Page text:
• Supports gut health: Did you know that cinnamon has prebiotic properties? The bacteria helps restore your gut microbiome and supports your digestive health and even relieves digestive issues. 

  • Great for your skin: A warrior against acne, pimples and redness, cinnamon fights off the bacteria that causes these frightful skin concerns. Cinnamon also boosts collagen production to help your skin look younger. There are so many lotions and potions that claim to improve your skin’s natural elasticity but the cinnamon extract is the all time superstar. Cinnamon keeps your skin shiny and smooth, helps protect your skin from irritation, rosacea, rashes, allergic reactions and infections thanks to its antibiotic and antimicrobial effects. 

  • Loaded with antioxidants and reduces inflammation: Antioxidants protect your body from oxidative damage caused by free radicals. Cinnamon is like a loaded gun full of antioxidants waiting to shoot the free radicals in your body and reduce inflammation. While inflammation is important for tissue repair after infections attack your body, too much inflammation can become a problem when it’s chronic and directed against your body’s own tissues. Cinnamon is extremely potent in anti-inflammatory properties and even acknowledged as one of the top inflammation-fighters.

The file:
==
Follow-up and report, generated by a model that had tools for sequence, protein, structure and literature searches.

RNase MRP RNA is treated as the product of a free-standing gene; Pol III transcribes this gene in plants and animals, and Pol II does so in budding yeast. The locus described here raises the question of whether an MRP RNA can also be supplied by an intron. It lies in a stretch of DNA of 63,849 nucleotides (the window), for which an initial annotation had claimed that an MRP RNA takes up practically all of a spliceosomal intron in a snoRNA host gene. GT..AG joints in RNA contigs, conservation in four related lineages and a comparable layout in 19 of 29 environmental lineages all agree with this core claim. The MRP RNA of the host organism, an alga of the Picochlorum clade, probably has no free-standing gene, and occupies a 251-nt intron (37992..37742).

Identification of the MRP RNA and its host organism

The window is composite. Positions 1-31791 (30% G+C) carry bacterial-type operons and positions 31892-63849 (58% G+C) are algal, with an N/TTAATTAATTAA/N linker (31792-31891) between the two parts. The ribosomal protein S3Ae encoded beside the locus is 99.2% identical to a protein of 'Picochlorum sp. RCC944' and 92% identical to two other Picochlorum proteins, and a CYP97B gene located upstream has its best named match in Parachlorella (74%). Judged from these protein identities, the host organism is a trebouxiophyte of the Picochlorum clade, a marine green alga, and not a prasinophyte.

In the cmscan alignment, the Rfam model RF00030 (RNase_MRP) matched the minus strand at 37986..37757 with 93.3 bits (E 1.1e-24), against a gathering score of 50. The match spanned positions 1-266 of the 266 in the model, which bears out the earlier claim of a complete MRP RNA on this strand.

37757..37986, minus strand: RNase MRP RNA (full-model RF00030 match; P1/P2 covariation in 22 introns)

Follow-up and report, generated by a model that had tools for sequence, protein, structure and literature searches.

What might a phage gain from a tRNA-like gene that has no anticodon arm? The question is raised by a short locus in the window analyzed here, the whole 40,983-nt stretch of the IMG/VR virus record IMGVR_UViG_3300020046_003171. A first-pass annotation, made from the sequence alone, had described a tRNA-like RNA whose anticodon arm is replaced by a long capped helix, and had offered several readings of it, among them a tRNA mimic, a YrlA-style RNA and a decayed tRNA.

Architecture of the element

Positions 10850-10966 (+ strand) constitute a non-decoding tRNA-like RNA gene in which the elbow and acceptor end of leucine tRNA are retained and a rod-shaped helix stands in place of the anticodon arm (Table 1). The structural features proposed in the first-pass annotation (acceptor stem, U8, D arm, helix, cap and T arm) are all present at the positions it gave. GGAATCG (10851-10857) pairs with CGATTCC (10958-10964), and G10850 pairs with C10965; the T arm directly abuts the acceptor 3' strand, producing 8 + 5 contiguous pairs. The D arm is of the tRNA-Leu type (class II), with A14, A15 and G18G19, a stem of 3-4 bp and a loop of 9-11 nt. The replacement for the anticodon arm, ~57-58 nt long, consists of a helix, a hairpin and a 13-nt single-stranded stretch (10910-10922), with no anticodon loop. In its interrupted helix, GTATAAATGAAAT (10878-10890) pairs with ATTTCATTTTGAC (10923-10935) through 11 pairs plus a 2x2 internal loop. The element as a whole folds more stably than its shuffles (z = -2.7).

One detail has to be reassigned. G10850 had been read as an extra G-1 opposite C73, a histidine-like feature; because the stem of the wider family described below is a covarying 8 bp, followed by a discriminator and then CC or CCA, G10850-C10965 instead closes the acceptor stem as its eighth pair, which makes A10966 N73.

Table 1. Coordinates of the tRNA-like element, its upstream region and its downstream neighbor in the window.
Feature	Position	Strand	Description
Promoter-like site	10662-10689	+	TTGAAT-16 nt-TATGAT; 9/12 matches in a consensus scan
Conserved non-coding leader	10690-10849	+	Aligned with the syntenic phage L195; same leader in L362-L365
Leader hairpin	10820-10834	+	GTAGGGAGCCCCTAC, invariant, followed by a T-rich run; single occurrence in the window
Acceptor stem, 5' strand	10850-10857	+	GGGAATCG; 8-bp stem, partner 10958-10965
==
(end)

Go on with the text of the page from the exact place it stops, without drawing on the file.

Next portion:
• It has anti viral, antibacterial and antifungal properties: Cinnamaldehyde, found in cinnamon, is the ring leader when it comes to fighting off infections caused by fungi, bacteria, microbes and viruses. It inhibits the growth of these microorganisms and even protects the body from getting plagued by these horrid disease causing bugs. Cinnamon oil is also known to treat certain fungal and yeast infections that affect the bloodstream like Candida, dengue, influenza and even HIV. 

  • Optimises oral hygiene: Cinnamon is instrumental in oral hygiene and protects against certain strains of bacteria that cause bad breath, tooth decay, cavities, mouth sores and mouth infections. The essential oils found in cinnamon have potent antibacterial properties that naturally combat bacteria in the mouth. Cinnamon is often called Nature’s mouthwash.